Cancer patients face a unique set of health challenges related to the side effects of their disease and its treatment. Cancer therapy is associated with a range of short-term (usually resolve within a few months of treatment completion) and long-term (persisting for years after treatment completion) side effects. One of the most common short-term side effects of cancer therapy, experienced by 60%–99% of patients, is cancer-related fatigue, characterized by overwhelming exhaustion and a decreased capacity for physical and mental work that is not relieved by rest [813]. Fatigue can also persist for years after treatment completion [14], with 20%–35% of cancer patients reporting persistent fatigue >5 years after treatment [1416]. Chemotherapy-induced nausea and vomiting are among the most feared side effects [17, 18]. Although vomiting is well controlled by antiemetics, nausea remains a prevalent side effect of chemotherapy [19]. Sleep disruption is also a common side effect of cancer treatment, with rates up to three times higher in cancer patients than in the general population [2022]. Patients who undergo adjuvant cancer therapy often report cognitive difficulties such as memory problems and difficulty concentrating; this syndrome has been termed “chemobrain” [2325]. Short-term cognitive impairment associated with cancer treatment has been reported to occur in up to 75% of patients [26, 27]. Long-term cognitive difficulties have been observed among cancer patients [24, 25], with 20% and 45% of cancer patients reporting cognitive deficits many years after the completion of treatment [28, 29]. Whereas major depression is seen in 4%–17% of the general population, depression rates can exceed 50% in patients with cancer, depending on the site [3032]. Depression frequently coexists with anxiety disorders (e.g., post-traumatic stress disorder, panic disorder, generalized anxiety disorder), pain, and fatigue, which can prolong recovery and result in poor outcomes [32]. Many of these short-term side effects can lead to treatment interruptions and dosage reductions, resulting in lower efficacy, and the presence of long-term side effects can significantly reduce quality of life (QOL) [33, 34].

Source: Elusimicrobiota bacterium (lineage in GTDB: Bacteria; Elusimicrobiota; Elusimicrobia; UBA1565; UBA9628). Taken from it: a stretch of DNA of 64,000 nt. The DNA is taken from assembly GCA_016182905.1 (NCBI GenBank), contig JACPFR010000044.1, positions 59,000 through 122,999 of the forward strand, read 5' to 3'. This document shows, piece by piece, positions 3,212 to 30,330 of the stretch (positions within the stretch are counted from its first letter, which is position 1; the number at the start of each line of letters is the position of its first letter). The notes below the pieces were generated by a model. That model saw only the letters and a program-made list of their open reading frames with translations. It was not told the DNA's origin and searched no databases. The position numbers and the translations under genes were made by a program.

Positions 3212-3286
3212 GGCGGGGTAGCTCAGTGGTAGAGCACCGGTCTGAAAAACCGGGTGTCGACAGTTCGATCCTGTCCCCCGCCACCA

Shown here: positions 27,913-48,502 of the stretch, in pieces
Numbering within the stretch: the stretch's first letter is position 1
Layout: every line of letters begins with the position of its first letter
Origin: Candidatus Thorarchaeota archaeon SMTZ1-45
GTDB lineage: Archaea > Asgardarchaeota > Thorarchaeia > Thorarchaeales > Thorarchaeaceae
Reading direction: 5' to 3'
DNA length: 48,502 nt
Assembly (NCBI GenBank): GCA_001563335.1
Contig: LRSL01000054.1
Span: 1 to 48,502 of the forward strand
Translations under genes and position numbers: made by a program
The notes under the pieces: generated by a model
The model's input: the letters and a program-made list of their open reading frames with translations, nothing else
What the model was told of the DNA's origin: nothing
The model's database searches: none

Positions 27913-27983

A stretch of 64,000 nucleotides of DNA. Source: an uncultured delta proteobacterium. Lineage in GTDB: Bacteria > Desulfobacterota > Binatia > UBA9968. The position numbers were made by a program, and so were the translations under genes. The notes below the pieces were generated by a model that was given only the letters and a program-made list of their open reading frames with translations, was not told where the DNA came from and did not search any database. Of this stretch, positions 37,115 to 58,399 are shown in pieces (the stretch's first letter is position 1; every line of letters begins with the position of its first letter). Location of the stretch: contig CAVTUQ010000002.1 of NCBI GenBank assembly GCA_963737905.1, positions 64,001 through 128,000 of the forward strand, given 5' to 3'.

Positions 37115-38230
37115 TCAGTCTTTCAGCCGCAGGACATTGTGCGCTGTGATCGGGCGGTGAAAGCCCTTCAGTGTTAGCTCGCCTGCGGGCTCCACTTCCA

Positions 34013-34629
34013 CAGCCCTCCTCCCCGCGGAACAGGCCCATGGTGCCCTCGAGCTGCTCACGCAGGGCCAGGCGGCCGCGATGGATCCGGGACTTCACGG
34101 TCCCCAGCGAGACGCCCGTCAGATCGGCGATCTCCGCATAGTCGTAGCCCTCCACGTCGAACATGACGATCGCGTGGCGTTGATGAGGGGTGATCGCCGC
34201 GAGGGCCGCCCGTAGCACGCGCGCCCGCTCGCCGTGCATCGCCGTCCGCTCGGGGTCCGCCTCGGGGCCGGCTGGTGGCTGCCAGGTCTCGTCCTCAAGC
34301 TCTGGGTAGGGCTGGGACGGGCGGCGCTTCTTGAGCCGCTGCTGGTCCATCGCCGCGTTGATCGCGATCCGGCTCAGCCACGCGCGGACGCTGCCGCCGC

Although cancer patients face a greater symptom burden, they also continue to engage in poor health behaviors at rates similar to those of the general population. Smoking rates at the time of diagnosis of cancer vary from 10% to >95%, depending on the cancer site [3538]. Quit rates among newly diagnosed cancer patients also differ by cancer site, ranging from <5% for breast cancer cases to >60% for lung cancer cases [36, 37, 39]. However, data from 1999–2001 show little difference in smoking prevalence between cancer patients and the general population at all ages; 20% of cancer patients and 24% of the general population smoke [35]. Among those <40 years old, ~44% of cancer patients report smoking whereas 27% of individuals with no reported cancer history report smoking [28, 29]. Health behaviors such as cigarette smoking during cancer treatment may have an impact on treatment outcomes for cancer patients. Patients who smoke throughout cancer treatment have a significantly lower survival rate than those who do not smoke [4042]. Smoking during cancer treatment has also been associated with the development of second primary tumors (SPTs) [43, 44] and treatment-related complications [45, 46]. Moreover, cancer patients who smoke report lower QOL scores than cancer patients who do not smoke [47, 48]. Many QOL domains such as the physical, functional, and emotional domains are directly related to cancer-specific side effects (fatigue, pain, depression, etc.) and symptom burden.